In the digital age, couples that break up are finding ruder and cruder ways of saying goodbye, forcing online social networking services and Net portals to tighten security.
In the wee hours of Monday morning, one high school boy whose ex-girlfriend recently began dating his friend began posting photos of the girl and other private information along with libelous comments about her on DCinside, a popular Web site.
Many Internet users flocked to her homepage from a link provided by the ex-boyfriend. The high school girl later posted her (very different) side of the story on the Internet, but not before thousands of people had already visited her Web site and photos of her were circulated throughout major portals.
Such personal relationship stories would not make it into mainstream media were it not for the public rants that sore ex-lovers feel the need to post on the Internet. Some cases involve public figures, such as a television news anchor who married a Hyundai heir last year.
Because of these problems, social networking services such as Cyworld and blog services such as Naver are offering more “personalized” privacy services. Cyworld recently enabled users to block specific individuals. Naver users can now choose to make their blog posts unavailable to the portal’s search engine, and can prevent visitors from copying text and images from their blogs.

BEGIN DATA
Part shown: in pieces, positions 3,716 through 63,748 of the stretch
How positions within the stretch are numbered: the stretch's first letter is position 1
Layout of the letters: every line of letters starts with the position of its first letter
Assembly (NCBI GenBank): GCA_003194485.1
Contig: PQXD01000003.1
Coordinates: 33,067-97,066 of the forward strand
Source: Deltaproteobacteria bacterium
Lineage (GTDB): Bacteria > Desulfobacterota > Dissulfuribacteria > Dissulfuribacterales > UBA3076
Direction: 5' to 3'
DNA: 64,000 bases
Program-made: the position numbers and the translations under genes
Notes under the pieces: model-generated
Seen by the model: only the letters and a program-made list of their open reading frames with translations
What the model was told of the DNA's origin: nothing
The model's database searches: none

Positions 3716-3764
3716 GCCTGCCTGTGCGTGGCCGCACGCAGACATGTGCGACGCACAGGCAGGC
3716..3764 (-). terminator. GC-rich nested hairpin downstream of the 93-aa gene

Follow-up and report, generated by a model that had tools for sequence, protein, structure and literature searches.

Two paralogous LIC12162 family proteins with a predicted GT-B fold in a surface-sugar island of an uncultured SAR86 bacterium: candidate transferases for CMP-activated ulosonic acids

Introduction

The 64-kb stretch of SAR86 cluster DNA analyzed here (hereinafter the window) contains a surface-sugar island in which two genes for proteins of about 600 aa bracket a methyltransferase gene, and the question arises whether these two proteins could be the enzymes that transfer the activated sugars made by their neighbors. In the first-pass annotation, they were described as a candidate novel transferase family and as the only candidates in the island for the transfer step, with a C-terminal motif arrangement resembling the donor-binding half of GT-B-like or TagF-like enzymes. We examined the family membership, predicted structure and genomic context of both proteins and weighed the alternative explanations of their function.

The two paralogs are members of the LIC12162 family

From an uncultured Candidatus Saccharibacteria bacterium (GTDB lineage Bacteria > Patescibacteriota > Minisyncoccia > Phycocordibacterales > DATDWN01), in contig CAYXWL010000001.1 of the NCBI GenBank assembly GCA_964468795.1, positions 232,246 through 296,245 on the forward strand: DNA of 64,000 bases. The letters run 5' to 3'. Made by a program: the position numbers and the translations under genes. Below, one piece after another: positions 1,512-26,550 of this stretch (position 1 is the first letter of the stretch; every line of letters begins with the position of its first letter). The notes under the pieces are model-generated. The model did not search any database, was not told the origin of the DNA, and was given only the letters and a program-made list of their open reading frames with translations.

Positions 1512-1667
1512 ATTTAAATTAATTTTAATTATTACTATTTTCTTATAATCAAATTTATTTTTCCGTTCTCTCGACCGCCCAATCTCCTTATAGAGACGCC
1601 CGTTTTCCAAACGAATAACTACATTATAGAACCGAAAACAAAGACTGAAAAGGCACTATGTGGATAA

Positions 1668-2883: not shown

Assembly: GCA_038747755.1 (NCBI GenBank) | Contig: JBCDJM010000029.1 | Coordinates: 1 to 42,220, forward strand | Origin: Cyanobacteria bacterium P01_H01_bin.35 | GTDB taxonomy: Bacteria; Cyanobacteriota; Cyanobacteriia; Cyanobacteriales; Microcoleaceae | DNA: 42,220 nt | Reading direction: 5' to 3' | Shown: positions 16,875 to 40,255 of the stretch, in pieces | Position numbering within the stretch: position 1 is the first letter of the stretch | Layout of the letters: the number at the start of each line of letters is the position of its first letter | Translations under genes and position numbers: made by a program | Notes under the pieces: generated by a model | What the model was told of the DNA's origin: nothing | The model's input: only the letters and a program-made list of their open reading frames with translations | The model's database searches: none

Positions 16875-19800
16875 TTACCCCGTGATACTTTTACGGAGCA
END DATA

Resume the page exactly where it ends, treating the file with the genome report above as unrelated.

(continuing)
Portals are taking these measures because individuals wish to continue their online activities, but these Web scandals have pushed up demand for higher levels of security, especially when private content is involved.
“Punishment for people who circulate private information can only be taken if the defamed individual files a suit, and laws in Korea make suing for defamation extremely difficult,” said Sohn Su-yul, an attorney at the law firm Taepyeongyang.
Wohn Dong-hee for JoongAng Daily